A & D. 25% chance to win $240, and 75% chance to lose $760
B & C. 25% chance to win $250, and 75% chance to lose $750

Indeed, 100% of the subjects in this study chose B & C. So why do they choose the wrong option in the first situation? Because of the framing effect. Basically, when a gamble is framed in a way that emphasizes possible gains, people tend to be risk-averse and choose the certain gain, even if small. When framed in a way that emphasizes possible losses, people become more loss-averse than risk-averse, and cling to any possibility of not losing.

When I say that “deep down” everybody agrees that the best action is always the one that promotes maximum well-being from now until the end of time, what I mean is that those who think they disagree are merely being fooled by their cognitive biases, just like the subjects who choose A and D. If they actually try to be dispassionate and spend time and mental energy making sure they are logically consistent, they will see that their anti-utilitarian instincts are inconsistent with their rational beliefs. Nobody sees the fact that people choose A & D in the first scenario as a challenge to the foundations of mathematics. Similarly, it makes no sense to see moral disagreement as evidence that are no universal moral foundations.

Dual process theory

It is increasingly accepted in cognitive science that the human brain has evolved two modes of operation. In Thinking, Fast and Slow, Daniel Kahneman calls these “System 1” and “System 2”. System 1 (or “heuristic thinking”) is fast, associative, intuitive, and happens at a subconscious level. System 2 is slow, effortful, deductive, and employed deliberately. Heuristic thinking is cost efficient, but prone to error. Deductive thinking is slower and more cognitively costly, but more reliable.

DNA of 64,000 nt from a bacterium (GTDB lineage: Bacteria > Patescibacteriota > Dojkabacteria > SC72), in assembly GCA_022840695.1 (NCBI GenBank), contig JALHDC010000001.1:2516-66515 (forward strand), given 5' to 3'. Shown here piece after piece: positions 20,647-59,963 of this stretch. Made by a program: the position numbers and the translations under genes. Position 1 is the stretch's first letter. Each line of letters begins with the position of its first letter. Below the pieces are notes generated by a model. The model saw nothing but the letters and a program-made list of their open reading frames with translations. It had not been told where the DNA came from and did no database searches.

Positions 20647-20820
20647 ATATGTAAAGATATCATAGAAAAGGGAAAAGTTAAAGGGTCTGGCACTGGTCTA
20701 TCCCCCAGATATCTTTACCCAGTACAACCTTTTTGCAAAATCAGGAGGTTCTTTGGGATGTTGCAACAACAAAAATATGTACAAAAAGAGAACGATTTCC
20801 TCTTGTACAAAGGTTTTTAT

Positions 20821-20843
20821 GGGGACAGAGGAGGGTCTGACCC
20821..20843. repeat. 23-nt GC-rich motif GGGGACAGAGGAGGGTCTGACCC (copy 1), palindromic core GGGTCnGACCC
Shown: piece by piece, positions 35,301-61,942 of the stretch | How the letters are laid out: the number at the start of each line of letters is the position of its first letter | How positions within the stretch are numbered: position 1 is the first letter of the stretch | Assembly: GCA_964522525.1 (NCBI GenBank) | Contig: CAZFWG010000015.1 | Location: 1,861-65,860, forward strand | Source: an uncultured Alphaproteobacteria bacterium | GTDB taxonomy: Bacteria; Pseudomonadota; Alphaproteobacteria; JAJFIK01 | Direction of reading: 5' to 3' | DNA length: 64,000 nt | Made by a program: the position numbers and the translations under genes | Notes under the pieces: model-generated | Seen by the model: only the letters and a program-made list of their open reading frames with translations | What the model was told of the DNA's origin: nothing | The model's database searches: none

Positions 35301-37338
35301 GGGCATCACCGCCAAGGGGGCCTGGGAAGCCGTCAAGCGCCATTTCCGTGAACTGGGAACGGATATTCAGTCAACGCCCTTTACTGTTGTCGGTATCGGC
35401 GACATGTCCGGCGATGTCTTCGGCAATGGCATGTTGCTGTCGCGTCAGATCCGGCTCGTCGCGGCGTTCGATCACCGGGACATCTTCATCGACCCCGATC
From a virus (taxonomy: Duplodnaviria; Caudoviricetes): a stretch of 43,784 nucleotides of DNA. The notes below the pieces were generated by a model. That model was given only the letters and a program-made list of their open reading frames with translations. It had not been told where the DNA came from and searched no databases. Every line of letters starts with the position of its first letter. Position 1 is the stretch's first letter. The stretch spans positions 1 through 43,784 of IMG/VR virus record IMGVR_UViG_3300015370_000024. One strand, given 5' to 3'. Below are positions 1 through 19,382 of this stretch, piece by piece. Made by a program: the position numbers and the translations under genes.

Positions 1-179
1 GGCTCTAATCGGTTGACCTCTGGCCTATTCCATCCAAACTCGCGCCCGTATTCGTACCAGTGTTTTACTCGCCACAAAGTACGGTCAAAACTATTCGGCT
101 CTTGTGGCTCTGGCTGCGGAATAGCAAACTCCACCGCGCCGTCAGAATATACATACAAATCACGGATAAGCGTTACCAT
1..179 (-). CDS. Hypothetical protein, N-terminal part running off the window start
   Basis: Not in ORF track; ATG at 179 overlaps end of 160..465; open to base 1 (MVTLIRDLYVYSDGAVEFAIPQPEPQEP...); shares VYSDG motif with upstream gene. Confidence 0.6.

When we make inconsistent choices in the two-step gamble game, that is basically because fast thinking gives us a quick answer, but slow thinking gives us another. In cases such as this, it seems natural to us that we should prioritize the result of careful reasoning over gut feeling. Kahneman calls such brain glitches “cognitive illusions”. They are similar to visual illusions such as the Müller-Lyer illusion.

When we are first asked about the length of the lines, most people say the line at the bottom is shorter than the one at the top based on gut feeling. When evidence is provided to us showing that our answer is wrong, such as measuring the lines with a ruler, we promptly admit our mistake and accept the correct answer.

In the case of moral illusions, however, we are not so quick to abandon our gut feeling in favor of a carefully thought-out alternative. Instead, we actually engage in intense mental gymnastics in an attempt to rationally justify our gut feeling, even when it contradicts many of our beliefs. In The Righteous Mind, Jonathan Haidt uses a similar terminology to Kahneman’s when talking about the moral brain. In his paradigm, “System 1” is analogous to what he calls “the elephant”, responsible for quick and emotional moral judgement, while “System 2” would roughly correspond to “the rider”, employed when we need to justify our moral intuitions. In theory, the rider is supposed to guide the elephant, but sometimes, he argues, the reverse seems to happen.

You can see the rider serving the elephant when people are morally dumbfounded. They have strong gut feelings about what is right and wrong, and they struggle to construct post hoc justifications for those feelings. Even when the servant (reasoning) comes back empty-handed, the master (intuition) doesn’t change his judgment.